The Rock Pool Project and the Ricoh WG-6 Camera | Hands on Review

Read time: 4:30 mins


Guide and Support

Clifton Cameras were approached by The Rock Pool Project for some guidance with a suitable camera for their wet and wild adventures. Of course the high quality Ricoh WG-6 with it’s capability for high resolution images, long battery life, built in GPS and 4K video was a great option. The Ricoh WG-6 features an illuminated CMOS image sensor that’s able to produce a high performance images even in the most challenging circumstances. This compact camera turned out to be a superb option for Billy and the wider Rock Pool Project team. Have a read of their hands-on review below and let us know if it makes you want to get out and explore!

Marine discovery at Swanpool through the lens of the Ricoh Camera WG-6

By Billy Rickards from The Rock Pool Project

Image of Swanpool Rock Pools

About The Rock Pool Project

The Rock Pool Project is a social enterprise which aims to connect people from all walks of life with nature through rock pool based activities. Combining expert-led marine education with invaluable data collection through citizen science, we hope to shine a light on the incredible array of marine life that Cornwall has to offer.

As part of the project’s Falmouth Summer Marine Discovery programme - a series of school holiday events connecting local families with the marine world - we headed out to Swanpool, a beautiful cove located on the outskirts of Falmouth with brilliant rock pooling opportunities. The aim of this event, as with all our rock pooling sessions, was to assess the presence on a variety of species and retrieve vital data to aid us in the conservation and protection of these precious coastal habitats.

Delving Deeper with the Ricoh WG-6

With the help of the Ricoh Camera W6-6, we were able to delve deeper and take a closer look at the array of life waiting to be discovered by our trusty rocky pool explorers. The underwater capabilities of the Ricoh Camera were impressive and we were able to get sharp, clear photos of a whole host of marine life. It was intuitive and simple to use, whilst maintaining a significant amount of control in the outcome of the photo.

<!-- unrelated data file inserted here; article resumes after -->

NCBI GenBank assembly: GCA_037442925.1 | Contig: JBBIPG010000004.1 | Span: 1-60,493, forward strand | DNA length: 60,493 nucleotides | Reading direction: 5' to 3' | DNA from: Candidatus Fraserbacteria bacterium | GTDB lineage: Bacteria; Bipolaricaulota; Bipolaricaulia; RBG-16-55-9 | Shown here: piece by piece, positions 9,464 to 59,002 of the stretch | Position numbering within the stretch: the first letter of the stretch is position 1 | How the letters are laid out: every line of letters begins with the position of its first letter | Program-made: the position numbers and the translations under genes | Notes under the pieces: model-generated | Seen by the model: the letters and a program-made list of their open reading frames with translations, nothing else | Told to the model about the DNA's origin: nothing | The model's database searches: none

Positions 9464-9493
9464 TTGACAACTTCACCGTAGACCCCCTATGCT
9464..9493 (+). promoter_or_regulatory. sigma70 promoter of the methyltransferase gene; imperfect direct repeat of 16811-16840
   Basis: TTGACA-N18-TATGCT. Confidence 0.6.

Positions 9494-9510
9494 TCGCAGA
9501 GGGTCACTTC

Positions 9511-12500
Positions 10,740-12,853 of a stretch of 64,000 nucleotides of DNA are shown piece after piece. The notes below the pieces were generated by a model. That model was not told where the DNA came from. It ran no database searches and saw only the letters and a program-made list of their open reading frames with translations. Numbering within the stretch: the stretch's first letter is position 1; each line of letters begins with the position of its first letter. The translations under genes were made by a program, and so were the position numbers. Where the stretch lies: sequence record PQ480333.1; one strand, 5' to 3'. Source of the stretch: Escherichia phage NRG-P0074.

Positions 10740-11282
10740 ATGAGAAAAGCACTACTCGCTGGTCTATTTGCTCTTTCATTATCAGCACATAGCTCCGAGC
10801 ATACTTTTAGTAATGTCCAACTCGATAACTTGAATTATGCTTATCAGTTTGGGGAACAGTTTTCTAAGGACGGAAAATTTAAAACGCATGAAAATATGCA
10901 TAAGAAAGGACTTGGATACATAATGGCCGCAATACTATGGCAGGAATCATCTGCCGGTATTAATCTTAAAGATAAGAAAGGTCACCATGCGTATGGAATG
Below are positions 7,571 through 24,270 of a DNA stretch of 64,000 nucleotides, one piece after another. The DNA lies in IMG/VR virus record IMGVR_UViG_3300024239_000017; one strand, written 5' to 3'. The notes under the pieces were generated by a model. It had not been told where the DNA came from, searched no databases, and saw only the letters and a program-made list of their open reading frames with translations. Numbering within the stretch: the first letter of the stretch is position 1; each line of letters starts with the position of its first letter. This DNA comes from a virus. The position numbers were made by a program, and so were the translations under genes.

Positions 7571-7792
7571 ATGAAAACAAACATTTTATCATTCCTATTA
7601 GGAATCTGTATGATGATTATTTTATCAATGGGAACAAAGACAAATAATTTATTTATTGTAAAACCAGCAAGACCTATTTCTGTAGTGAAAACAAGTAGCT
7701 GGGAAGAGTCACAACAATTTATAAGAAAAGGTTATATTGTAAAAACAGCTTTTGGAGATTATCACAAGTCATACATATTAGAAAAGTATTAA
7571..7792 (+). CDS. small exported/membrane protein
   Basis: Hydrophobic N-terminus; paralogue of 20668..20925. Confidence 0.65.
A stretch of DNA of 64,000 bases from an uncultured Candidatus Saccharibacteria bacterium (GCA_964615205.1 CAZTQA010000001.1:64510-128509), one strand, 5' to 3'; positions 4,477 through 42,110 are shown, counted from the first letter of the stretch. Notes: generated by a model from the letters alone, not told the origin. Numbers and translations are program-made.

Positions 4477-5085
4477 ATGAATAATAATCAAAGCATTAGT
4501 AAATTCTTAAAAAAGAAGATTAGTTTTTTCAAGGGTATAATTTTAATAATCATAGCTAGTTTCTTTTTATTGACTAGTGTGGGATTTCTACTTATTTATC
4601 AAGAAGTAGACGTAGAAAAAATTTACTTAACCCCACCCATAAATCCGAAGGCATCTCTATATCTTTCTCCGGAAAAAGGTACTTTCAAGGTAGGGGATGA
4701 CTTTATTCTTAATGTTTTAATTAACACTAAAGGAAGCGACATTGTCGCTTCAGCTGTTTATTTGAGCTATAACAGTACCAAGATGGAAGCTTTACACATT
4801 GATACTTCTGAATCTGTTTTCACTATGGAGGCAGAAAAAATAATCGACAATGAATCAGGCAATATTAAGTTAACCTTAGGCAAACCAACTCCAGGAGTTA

A Macro Marvel

The best feature of this camera, especially regarding marine photography, was the awesome macro feature. This allowed us to get close to various species and see them in beautiful detail. Take a look at these 2 photos of a colony of star ascidians and cushion starfish.

Image of Star ascidian Botryllus schlosseri

The macro feature on the Ricoh W6-6 camera allowed us to get close to these star ascidians. Each ‘star’ represents a single colony of ascidians. Individual star ascidians can grow up to 3mm in size so to be able to get a clear photo like this is impressive!

Image of a Cushion starfish Asterina gibbosa on a cluster of star ascidian colonies.

The exposure control on the Ricoh W6-6 camera performed very well in harsh and dynamic lighting conditions. The cushion starfish had a bright point of light on it whilst the star ascidians were more shady, yet the camera created a fairly even exposure for the whole photo.

The Perfect Rock Pooling Companion

Rock pooling is often a messy endeavour; it can be slippy and treacherous and you’ll most likely get wet. The great thing about this camera is that it takes care of itself; it’s durable, lightweight and very portable, making it the perfect photographic companion for citizen science projects and the documentation of nature around coastal habitats.

Weird and Wonderful World

As our day at Swanpool progressed, we continued to discover the weird and wonderful creatures lurking in the crevices and gullies of rocks, in the sand, and under the surface of the rock pool water. Shrimps, anemones, barnacles, periwinkles and crabs of many varieties were just some of the species available to observe and learn about. The magic of Cornwall is that along the coast there is always something to discover - the incredible biodiversity that our coastlines hold are not to be taken for granted and should be respected and appreciated as much as possible. That’s why we love bringing people out into these incredible habitats and rekindling the vital connection with nature that we all have inside us. But for those of us who are unable to go rock pooling, the magic can still be captured through the photos we take and the stories that come with them. Ricoh, with its awesome underwater camera, is a part of that narrative.

Our Final Thoughts

This was our first time using the Ricoh underwater camera and we can’t wait to use it again on our next rock pool adventure. Stay tuned for another blog post to come! If you’d like to know more about the Rock Pool Project and book a session with us please email: info@therockpoolproject.co.uk call: 0786 6862865 or visit: www.therockpoolproject.co.uk

Billy Rickards is a freelance photographer with a passion for wildlife photography, currently studying B.A Marine and Natural History Photography at Falmouth University. You can follow his adventures on Instagram at @Billyrphotography

  • Image of rock pooling in Swanpool
    Rock pool explorers heading out to uncover the secrets of Swanpool.
  • Macro image of Japanese Seaweed
    Japanese Seaweed.
  • Image of rock pooling discovery

    Cataloging a species with a dedicated rock pool project underwater phone. 



  • A macro photo of the snakelocks sea anemone
    A macro photo of the snakelocks sea anemone.
  • 19 Sep 2019

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